Again, I enjoy electronic money and will use it in the future. We do need to understand the system to benefit from it. Yet you do not have to approve when it goes to extremes and when it start to suppress people free will.

  55. Banks can and do fail, see the FDIC failure list. However, sometimes, there can be a situation where individual bank failure can cause system failures. If the entire midwest saw grain production halt due to severe weather, there would be a more systemic strain on our food supply than just a few farms failing because of bad practices. As Cullen states below, this is Minsky’s hypothesis. What were Minksy’s solutions? Government intervention, regulation, etc. See Levy Institute working paper #655. It’s written by Wray, and adversary of Cullen so to speak, but it is mostly an overview of Minsky’s writings. Letting a system get to a point where a few parts failing can cause a systemic failure is foolish, especially when it can be prevented so I agree with you on that point. However, you have distorted this argument now to the stability of the banking system and the cash that is created to facilitate that system, when we first started discussing why there is no difference between a cash based banking system and a cashless based banking system. Its just a matter of customer preferene and does not add to the inherent fragility of the system itself.

  56. From a regulatory perspective if that bond meets the Basel definition of subordinated debt than it is considered Tier 2 supplemental capital.

  57. In the accounting sense, you raised 100 by selling the bond. That can be used to purchase revenue generating assets. That is why it is considered capital accountants. See definitions for working capital and return on capital.

  58. As I noted above, cash transactions account for just 27% of all **KNOWN** transactions.

    If usage was dropping as fast as that stat asserts, it wouldn’t have grown from about 4.2% of GDP in 1980, to about 7.2% today.

    It’s not just about the black market, and the Fed/Treasury doesn’t create currency if it’s not being used.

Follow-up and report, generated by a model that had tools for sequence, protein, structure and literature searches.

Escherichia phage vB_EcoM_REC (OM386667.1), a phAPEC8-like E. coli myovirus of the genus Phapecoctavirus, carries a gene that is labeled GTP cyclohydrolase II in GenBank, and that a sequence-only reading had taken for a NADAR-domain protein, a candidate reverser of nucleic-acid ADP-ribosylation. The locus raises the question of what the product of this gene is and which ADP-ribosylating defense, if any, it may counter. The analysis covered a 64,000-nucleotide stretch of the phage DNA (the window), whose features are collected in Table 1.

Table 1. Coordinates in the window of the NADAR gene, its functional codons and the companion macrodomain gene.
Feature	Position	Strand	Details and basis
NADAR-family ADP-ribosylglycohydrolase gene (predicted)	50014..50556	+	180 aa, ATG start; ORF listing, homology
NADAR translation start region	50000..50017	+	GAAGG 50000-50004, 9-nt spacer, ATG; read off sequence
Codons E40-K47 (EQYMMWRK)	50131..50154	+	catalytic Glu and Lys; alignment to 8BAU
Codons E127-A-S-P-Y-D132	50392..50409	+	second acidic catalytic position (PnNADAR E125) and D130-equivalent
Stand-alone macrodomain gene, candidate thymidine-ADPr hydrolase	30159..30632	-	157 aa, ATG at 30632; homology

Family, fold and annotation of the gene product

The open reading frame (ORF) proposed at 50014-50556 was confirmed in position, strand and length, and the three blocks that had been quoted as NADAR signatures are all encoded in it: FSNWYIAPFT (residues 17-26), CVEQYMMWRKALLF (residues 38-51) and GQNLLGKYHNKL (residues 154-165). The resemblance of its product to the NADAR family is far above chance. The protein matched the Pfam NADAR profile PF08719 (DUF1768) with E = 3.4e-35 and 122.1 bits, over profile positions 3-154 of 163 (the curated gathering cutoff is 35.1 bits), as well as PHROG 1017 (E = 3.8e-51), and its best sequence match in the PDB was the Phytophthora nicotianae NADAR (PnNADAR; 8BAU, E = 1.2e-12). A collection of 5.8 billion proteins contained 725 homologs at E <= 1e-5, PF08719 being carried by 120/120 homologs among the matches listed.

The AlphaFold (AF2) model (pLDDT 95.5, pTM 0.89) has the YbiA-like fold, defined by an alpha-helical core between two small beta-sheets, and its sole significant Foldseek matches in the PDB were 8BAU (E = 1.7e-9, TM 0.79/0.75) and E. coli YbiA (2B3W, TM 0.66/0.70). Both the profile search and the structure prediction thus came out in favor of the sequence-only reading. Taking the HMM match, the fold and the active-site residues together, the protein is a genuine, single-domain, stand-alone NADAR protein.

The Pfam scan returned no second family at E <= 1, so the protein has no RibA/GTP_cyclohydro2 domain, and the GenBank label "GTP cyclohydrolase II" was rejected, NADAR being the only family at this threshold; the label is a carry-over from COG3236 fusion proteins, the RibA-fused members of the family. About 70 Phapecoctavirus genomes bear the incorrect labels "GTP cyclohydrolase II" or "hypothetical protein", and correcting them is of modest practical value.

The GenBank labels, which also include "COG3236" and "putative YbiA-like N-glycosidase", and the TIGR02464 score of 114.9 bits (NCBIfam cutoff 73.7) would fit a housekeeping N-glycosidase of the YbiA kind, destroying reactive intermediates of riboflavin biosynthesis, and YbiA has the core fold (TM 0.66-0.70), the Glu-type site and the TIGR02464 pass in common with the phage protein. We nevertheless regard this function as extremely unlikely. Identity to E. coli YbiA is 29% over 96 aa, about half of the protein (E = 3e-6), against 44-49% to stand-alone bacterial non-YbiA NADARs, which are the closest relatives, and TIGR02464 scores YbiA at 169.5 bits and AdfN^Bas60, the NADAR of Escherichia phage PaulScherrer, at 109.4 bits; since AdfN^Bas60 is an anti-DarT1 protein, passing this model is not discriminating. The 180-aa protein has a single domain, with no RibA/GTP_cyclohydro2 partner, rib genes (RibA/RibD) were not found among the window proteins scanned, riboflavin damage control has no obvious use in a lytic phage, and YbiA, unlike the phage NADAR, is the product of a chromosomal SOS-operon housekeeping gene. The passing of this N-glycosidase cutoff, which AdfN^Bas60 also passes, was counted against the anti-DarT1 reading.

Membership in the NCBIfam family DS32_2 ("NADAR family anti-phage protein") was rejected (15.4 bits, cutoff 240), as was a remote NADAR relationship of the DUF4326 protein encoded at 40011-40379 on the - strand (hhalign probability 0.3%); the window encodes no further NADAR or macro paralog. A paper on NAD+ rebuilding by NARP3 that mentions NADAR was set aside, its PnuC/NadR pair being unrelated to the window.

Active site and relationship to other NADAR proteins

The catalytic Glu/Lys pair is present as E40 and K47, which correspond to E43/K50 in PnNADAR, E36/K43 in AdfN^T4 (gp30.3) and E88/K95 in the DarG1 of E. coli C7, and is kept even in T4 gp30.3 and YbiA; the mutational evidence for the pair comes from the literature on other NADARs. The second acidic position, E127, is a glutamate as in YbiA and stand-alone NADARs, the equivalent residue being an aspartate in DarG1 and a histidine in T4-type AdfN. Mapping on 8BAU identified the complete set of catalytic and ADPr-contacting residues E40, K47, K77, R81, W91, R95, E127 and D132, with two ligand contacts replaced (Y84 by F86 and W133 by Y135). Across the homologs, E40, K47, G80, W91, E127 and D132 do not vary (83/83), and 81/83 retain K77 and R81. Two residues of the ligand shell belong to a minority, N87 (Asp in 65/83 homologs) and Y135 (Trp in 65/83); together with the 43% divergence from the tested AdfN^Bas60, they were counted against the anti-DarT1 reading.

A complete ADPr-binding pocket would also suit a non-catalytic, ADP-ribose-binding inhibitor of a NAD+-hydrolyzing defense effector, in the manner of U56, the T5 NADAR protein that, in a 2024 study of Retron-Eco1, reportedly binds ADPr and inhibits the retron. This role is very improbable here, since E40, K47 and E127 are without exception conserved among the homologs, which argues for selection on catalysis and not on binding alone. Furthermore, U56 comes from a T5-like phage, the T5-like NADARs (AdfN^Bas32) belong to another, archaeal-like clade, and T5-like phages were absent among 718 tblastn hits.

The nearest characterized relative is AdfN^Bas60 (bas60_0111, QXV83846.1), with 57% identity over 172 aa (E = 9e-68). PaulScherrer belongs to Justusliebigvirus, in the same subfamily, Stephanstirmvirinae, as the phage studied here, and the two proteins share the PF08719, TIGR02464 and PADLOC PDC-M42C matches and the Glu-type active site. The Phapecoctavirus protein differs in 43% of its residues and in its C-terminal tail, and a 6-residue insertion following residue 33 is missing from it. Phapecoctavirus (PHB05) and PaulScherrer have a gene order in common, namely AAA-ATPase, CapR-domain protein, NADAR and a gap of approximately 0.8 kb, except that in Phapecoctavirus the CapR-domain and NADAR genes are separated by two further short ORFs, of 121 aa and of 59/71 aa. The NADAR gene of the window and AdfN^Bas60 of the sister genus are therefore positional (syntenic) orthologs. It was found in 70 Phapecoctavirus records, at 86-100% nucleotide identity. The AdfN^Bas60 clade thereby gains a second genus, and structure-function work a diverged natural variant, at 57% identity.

59. Ok, you’re backtracking a little, because your second and third paragraphs were critical of banks/government having “control” of electronic money and you were implying evil intentions, such as controlling wealth.

    The point is no one is saying cash is going away because that is what the system is forcing upon us. Cash is being used less because of personal preferences. The system is designed around settling payments with bank deposits. Cash exists to facilitate this system. If there is a demand for it, you can bet banks will provide it. Before EFT’s, you could use checks to use your bank deposit as a payment. Did that suppress people’s free will?

  60. No, I am not backtracking. The control issue is critical. Obviously, the banks, and hence the government, will have control over electronic money (unless it is some sort of bitcoin). This is unavoidable. But it is perfectly fine for as long as use of cash is not restricted.

    My big problem is the there are more and more artificial government designed restrictions on cash use. Most recent in the US are reporting requirements on purchases above certain limit. In some EU countries – upper limits on cash purchases. That is what I do not like.

    Again, my point is that any system of payment should have equal standing and be the private business between buyer and seller.

  61. Also, I disagree with you here – you saying that “The system is designed around settling payments with bank deposits. Cash exists to facilitate this system.” Really, it is the other way around. Electronic payment system exists to facilitate cash use. Electronic money is derivative, not cash. And please, do not tell me about size of electronic money versus cash money – notional size of derivatives is typically much bigger than the size of underlying securities.

  62. “In the accounting sense, you raised 100 by selling the bond. That can be used to purchase revenue generating assets.”

    Yes, that makes sense, but it seems it depends on the bank hanging onto the assets it raised in the bond’s sale. That seems to be the underlying assumption.

    On your suggestion, I found these:

    The 1st of these articles defines:

    working capital = current assets – current liabilites

    The “current” values have a time frame associated with them (1 year or less). So again this definition puts a minus sign ahead of the liabilities rather than a plus sign (which makes sense to me, and what I’m used to) in defining “capital.” I guess I still don’t see how that article relates to replacing the minus sign with a plus sign in front of liabilities in defining any kind of capital. That’s what’s confusing me: how does the minus change to a plus?

    Joe, thanks so much for you patience in answering these questions!

  63. Funny.. On CNN they just had the presenter Richard Quest with rubber gloves on holding euros and dollars interviewing Hany Fam from Master Card talking about the literal dirtiness of cash (statistics on the bacteria counts on the bills).

    And the spokesman from Master Card saying that cash is only good for money laundering and drug dealers. I guess it is cash is bad and dirty day.. :-)

  64. Electronic payment system AND cash exist to facilitate bank deposit use. That is the point. Banks issued scrip before there was a Federal Reserve. It was paper cash created to facilitate the use of the deposits.